|i'm in the sunshine|
Anyway, he likes receiving articles to assist him with the newsletter. Sometimes I provide something for him and those articles find a place on this blog site - for instance, the recent Paul Weller Opera House concert review. And more recently I've written something about New Zealand songwriter and Dragon member, Paul Hewson. He's a recent discovery for me and so I was quite pleased to come up with something from a songwriting perspective, ignoring as much as possible the legend and the hearsay.
Before writing I read Glen Moffatt's excellent serialised online essays about Paul Hewson, along with other articles and watching YouTube videos with Dragon members discussing their time in the band in the 1970s. I herewith acknowledge these sources.
The songs themselves are my best source. I think by now I've managed to listen to every Paul Hewson song appearing on Dragon albums, B-sides or singles in the case of 'Konkaroo' or 'Ramona', along with 'Get up and dance' which is featured on the live album Dragon in the 70s, and can be listened to on YouTube. Almost all of Paul Hewson's studio recorded songs from when he joined the band in 1975 through to 1978 - Dragon's 'classic' period - have been included in a compilation double-CD called Essential Dragon (2006), part of the 'Essentials' series. The songs on this compilation have been digitally remastered and selected by Dragon's producer from those early days, Richard Dawkins, the man who according to Glen Moffat cited Paul Hewson as a "compositional genius". The only Hewson song that's missing is 'Civilization' from O Zambezi (1978) which is a pity because it’s a damn fine song and fantastic Dragon track. The point is that all of Hewson's songs with Dragon are available to be sourced in some format or other.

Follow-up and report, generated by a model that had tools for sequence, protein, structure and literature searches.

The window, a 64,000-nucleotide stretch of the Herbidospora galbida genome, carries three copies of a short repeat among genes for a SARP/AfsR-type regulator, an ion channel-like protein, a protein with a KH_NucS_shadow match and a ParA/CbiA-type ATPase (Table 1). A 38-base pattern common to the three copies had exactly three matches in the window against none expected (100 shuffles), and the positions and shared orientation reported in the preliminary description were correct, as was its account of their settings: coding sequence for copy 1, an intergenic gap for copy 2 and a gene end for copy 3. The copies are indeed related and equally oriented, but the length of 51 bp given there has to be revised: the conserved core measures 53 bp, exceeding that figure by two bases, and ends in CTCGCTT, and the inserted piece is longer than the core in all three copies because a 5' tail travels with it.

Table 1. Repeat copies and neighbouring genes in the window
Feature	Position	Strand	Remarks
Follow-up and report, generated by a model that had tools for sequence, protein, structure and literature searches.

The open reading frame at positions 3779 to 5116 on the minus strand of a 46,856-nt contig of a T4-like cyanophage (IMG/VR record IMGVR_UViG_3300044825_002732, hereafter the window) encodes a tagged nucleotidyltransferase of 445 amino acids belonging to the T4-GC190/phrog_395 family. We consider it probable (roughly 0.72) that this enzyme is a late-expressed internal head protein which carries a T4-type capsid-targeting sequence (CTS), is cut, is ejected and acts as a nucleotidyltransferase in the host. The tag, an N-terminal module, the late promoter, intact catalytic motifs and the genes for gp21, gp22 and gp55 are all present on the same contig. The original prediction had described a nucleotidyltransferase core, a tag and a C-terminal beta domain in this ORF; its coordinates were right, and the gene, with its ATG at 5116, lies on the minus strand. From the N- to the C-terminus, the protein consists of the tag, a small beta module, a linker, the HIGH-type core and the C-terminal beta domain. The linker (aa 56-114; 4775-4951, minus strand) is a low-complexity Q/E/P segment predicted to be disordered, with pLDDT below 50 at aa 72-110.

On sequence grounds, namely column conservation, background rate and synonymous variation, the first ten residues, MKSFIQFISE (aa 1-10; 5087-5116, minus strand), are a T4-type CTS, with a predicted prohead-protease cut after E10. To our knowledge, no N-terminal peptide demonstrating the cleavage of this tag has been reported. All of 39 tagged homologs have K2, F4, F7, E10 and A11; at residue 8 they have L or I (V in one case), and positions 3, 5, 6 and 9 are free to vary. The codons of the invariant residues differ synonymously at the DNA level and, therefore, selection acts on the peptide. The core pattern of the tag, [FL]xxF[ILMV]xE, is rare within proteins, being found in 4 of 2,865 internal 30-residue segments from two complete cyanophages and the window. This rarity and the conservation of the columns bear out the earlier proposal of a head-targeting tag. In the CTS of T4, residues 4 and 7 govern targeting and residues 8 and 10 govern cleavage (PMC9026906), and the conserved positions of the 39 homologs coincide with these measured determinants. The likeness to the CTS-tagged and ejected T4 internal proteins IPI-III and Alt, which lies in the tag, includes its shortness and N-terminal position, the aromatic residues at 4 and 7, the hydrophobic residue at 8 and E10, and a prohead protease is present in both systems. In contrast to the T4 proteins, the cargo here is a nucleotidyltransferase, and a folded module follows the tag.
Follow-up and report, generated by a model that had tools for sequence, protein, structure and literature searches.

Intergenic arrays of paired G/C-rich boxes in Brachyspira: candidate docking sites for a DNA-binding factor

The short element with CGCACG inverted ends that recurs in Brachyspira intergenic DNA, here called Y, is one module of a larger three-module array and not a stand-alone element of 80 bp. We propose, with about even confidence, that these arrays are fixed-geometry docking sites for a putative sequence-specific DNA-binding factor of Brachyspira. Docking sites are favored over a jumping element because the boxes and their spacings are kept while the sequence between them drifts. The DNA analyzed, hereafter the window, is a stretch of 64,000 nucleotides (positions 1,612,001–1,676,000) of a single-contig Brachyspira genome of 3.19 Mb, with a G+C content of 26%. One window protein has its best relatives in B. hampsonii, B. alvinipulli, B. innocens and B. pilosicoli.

Paul Hewson reminds me a lot of the late, great Jaco Pastorius, the electric bass equivalent of Jimi Hendrix. Both spent years working hard on their craft before giving in to drugs and alcohol when coming into the public eye, so that the worm of addiction was making its way into their lives and careers at the first bloom of success. They both sired children and had families from a relatively young age. They had big egos with a propensity to taunt and antagonise. One was afflicted with bipolar disorder and the other with arthritis and scoliosis. They flourished at or around the beginning of their careers and spent the last few years of their short lives dealing with the consequences of their addictions. And both died in tragic although unsurprising circumstances in their early to mid-thirties: Jaco at 35 and Hewson at 32.